LOCAL Rural Fire Service (RFS) crews were last night waiting for a cool change to roll through to ease the fire danger for the North West.
The Liverpool Range RFS zone spent yesterday in the grip of strong winds, high temperatures and low humidity – a recipe for a bushfire disaster.
But fortunately there are only two fires burning at present, one near Middlebrook and the other at Timor, east of Murrurundi, which were hampering RFS crews’ efforts to extinguish the blazes.
Inspector Andrew Luke said all fire permits had been suspended yesterday because of the conditions.
“To see these conditions this early in the season, it’s very concerning,” he said.
“A lot of people have been caught out by the present dry conditions.”
Inspector Luke said crews had been able to get the jump on fires, with many people calling up at the first sign of smoke.
“A majority of fires we are getting we’re able to get crews to quickly before it causes any significant damage,” he said.
Only one hazard reduction has been put on hold until conditions ease.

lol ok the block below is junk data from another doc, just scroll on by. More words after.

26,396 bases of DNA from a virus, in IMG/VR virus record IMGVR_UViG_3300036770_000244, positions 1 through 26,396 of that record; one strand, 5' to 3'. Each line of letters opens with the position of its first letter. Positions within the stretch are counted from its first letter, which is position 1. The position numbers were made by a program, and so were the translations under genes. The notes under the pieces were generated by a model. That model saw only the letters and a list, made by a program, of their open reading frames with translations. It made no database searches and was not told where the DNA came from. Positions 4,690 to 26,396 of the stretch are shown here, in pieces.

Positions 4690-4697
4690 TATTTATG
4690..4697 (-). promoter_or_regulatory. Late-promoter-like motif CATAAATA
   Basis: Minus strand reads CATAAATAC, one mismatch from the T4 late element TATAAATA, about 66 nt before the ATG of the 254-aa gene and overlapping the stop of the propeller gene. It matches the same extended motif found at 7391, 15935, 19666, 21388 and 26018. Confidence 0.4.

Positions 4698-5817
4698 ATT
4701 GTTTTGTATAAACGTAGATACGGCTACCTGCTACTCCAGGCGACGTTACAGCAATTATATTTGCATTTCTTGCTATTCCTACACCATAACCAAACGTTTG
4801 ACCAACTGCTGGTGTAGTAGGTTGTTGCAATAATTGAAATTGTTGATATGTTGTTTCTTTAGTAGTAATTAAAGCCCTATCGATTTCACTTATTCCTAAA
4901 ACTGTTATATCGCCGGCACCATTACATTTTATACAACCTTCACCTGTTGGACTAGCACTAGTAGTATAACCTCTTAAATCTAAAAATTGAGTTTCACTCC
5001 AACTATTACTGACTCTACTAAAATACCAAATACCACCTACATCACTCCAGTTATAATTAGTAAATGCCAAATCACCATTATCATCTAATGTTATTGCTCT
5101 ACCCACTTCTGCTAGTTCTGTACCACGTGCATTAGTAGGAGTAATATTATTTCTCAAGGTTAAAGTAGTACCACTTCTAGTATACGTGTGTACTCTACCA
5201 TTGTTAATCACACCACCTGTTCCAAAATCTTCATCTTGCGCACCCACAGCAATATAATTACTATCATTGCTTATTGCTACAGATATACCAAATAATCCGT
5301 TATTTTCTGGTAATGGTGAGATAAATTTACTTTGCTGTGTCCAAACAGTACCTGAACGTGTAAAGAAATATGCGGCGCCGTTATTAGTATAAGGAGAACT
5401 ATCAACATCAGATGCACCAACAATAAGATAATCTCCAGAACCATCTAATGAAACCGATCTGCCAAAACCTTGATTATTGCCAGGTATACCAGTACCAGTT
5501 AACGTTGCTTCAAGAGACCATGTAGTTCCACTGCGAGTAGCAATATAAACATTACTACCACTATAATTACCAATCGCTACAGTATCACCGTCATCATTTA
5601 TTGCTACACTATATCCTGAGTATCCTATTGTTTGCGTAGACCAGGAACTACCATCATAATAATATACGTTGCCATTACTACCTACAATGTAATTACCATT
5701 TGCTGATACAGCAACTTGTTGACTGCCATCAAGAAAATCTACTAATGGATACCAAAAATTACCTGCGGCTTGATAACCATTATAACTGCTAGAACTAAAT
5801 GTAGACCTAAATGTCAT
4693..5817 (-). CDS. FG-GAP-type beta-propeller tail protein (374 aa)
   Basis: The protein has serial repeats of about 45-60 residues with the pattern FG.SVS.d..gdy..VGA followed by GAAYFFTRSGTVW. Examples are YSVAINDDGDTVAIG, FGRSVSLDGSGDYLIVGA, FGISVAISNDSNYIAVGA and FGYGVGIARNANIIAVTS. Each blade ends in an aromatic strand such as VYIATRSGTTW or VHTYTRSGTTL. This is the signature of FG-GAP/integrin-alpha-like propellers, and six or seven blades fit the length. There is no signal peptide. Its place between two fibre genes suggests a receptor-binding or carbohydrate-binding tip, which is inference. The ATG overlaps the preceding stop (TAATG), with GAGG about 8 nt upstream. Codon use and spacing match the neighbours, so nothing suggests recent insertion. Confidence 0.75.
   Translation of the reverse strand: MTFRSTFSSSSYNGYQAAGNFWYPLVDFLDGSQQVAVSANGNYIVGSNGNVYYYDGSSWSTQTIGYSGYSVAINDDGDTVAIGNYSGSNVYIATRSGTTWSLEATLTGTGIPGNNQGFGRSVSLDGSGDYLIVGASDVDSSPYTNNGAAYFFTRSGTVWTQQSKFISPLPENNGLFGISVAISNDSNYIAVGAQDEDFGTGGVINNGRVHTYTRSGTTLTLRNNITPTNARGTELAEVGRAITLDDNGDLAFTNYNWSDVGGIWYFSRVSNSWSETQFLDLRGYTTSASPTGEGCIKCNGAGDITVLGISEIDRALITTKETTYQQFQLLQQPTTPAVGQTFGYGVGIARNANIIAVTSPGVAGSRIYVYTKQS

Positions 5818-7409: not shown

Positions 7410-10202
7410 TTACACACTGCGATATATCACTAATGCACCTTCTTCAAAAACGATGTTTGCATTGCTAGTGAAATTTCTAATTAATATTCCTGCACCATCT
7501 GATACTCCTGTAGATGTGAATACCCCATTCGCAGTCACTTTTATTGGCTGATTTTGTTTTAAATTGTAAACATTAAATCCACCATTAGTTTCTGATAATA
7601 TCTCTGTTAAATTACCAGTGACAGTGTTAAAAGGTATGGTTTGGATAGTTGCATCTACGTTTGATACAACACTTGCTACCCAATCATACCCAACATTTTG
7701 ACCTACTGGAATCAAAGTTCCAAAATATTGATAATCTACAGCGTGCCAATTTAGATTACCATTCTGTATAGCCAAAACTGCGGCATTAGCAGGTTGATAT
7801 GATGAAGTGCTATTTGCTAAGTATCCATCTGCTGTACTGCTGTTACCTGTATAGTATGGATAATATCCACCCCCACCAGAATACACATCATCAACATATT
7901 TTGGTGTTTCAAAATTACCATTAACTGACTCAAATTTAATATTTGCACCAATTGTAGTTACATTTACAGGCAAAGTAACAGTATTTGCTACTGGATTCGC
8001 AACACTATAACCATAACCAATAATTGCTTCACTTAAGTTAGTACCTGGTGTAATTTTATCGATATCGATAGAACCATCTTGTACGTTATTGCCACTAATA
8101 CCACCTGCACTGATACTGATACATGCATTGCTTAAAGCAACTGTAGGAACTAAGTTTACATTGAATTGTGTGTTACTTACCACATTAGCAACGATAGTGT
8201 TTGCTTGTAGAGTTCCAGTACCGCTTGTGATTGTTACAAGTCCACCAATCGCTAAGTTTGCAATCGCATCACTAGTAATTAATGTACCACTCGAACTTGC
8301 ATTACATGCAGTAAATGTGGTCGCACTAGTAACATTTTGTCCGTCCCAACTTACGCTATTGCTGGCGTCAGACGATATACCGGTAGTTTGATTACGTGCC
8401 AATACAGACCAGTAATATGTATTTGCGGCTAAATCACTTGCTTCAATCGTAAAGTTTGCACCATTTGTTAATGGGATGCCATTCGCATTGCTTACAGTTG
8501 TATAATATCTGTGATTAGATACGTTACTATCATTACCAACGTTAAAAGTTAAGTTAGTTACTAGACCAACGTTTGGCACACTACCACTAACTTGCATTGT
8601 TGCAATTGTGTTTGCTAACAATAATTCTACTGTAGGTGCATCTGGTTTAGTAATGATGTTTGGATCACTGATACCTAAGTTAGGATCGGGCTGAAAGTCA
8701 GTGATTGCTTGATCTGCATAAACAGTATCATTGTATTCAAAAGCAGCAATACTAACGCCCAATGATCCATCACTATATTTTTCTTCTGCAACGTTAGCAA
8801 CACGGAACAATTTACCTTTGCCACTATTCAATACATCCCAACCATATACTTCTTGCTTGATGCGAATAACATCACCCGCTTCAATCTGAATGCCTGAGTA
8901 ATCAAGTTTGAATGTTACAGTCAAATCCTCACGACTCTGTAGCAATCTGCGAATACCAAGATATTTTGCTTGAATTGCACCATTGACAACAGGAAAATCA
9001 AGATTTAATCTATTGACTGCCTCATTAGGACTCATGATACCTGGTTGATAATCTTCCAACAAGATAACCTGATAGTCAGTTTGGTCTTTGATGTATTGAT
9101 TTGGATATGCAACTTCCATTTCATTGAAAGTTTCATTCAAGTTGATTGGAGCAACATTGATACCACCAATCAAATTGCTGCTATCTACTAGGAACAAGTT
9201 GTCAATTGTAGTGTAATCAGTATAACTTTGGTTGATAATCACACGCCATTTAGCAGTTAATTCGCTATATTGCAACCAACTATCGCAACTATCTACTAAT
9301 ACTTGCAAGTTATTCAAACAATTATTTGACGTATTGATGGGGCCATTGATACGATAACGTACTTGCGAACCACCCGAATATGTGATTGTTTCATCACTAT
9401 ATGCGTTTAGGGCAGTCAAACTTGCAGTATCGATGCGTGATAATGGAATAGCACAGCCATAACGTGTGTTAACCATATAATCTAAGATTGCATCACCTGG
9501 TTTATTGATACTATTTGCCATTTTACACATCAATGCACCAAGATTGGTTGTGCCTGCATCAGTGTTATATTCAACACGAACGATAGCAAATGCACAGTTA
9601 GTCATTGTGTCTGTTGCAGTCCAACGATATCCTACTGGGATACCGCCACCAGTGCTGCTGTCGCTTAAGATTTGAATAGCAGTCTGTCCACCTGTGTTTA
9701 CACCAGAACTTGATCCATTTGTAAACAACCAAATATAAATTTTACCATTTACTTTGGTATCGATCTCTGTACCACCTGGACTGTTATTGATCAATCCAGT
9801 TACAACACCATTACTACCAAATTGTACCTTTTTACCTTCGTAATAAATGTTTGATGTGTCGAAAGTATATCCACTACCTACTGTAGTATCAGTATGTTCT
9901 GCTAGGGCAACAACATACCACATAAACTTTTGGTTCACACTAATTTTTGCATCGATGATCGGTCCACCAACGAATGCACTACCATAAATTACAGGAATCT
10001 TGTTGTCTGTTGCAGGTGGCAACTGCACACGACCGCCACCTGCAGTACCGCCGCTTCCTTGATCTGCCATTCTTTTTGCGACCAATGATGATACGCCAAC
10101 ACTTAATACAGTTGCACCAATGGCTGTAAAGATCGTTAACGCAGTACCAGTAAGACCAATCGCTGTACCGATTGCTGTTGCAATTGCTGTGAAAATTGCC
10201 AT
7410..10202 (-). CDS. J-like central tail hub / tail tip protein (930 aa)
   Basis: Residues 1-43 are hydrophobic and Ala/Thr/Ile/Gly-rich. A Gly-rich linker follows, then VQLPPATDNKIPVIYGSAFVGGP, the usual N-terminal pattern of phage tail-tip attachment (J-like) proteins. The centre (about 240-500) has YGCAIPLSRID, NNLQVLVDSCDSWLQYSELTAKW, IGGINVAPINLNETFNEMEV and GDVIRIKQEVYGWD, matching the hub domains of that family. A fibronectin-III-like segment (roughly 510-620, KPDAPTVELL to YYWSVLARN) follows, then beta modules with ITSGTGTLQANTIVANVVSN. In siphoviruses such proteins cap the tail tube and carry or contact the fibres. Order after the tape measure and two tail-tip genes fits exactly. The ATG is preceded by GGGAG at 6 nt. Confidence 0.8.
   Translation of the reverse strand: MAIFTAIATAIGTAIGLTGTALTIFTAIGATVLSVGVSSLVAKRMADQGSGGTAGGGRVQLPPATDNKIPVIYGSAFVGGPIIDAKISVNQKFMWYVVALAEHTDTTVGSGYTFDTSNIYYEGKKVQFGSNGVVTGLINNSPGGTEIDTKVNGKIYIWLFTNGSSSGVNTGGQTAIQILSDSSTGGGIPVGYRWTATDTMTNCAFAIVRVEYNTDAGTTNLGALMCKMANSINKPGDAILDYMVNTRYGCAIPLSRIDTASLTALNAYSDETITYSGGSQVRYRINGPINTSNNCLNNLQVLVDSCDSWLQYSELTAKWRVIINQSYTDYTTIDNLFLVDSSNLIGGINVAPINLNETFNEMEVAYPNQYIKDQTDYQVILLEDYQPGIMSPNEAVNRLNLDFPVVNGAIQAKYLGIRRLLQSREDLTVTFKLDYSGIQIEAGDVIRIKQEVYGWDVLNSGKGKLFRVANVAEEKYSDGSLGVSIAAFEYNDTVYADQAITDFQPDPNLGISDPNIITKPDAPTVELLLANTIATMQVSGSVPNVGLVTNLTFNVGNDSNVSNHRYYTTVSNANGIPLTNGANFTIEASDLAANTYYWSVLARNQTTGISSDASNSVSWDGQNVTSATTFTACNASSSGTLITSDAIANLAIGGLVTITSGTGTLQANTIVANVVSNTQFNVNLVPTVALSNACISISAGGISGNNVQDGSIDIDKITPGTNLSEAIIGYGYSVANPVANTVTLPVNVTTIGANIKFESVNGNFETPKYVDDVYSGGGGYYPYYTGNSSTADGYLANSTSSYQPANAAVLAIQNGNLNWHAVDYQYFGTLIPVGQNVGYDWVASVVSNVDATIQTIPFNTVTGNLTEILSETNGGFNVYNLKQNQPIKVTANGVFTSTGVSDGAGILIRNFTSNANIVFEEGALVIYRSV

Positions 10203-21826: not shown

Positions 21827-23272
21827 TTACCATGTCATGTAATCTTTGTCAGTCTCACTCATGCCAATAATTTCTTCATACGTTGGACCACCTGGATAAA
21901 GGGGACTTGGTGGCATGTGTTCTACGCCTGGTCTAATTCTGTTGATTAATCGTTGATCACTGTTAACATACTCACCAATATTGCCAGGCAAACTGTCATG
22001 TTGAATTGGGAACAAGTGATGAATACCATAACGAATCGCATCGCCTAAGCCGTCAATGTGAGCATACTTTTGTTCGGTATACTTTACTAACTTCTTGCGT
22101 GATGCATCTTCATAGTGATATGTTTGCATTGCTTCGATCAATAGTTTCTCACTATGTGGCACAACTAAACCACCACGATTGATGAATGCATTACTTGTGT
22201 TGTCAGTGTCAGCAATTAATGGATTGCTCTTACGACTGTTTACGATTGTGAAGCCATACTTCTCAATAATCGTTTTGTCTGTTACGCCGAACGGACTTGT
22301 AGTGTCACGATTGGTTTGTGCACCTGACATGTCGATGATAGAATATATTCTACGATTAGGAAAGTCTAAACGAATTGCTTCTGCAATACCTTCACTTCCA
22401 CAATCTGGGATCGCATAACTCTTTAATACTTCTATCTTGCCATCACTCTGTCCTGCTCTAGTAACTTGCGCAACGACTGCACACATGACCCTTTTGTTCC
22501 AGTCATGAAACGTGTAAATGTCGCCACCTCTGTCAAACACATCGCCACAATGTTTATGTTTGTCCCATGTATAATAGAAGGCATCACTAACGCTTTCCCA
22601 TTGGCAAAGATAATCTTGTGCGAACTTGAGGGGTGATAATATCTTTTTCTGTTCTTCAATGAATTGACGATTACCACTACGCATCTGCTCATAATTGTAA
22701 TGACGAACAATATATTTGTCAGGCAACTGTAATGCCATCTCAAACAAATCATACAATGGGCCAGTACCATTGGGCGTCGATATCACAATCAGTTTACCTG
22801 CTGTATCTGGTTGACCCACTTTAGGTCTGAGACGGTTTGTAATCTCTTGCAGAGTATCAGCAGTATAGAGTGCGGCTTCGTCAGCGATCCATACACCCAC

Meanwhile, in the Namoi Gwydir zone, crews escaped any dangerous blazes despite winds of 70 to 80km/h forecast yesterday.
Inspector Brett Loughlin said the forecasts came off the back of a number of callouts for crews.
“About 7.50pm on Monday we were called to a 10-hectare fire burning along the Namoi riverbank,” he said.
It was in an isolated area, so crews were able to extinguish it.
“We’re treating the fire as suspicious and an investigation is under way,” he said.
It comes after a burn-off escaped at Boggabilla, forcing crews into action at the weekend.
“The fire started from a gentleman using a grinder,” Inspector Loughlin said.
“It burnt around a number of properties and came close to several homes.
“A number of stock were inside the burn area and firefighters had to work hard to protect them, but they managed to save all the stock.”
The fire eventually burnt out about 30ha and destroyed a set of stockyards, as well as a roadside billboard.
Inspector Loughlin said the zone had eight callouts at the weekend, but an RFS team had attacked a few fire hot spots to beat any summer dangers.
“We had a strike team of about 30 volunteers working from about seven fire trucks and we completed about 200ha of hazard reduction last week,” he said.
“Some of the areas included telescope infrastructure ... as well as land prone to get hit by lightning strikes.
“So that’s kept us pretty busy.”
The conditions are expected to ease for firefighters for the rest of the week as temperatures drop, but they’re urging landholders to remain vigilant when burning off and to be mindful of the conditions.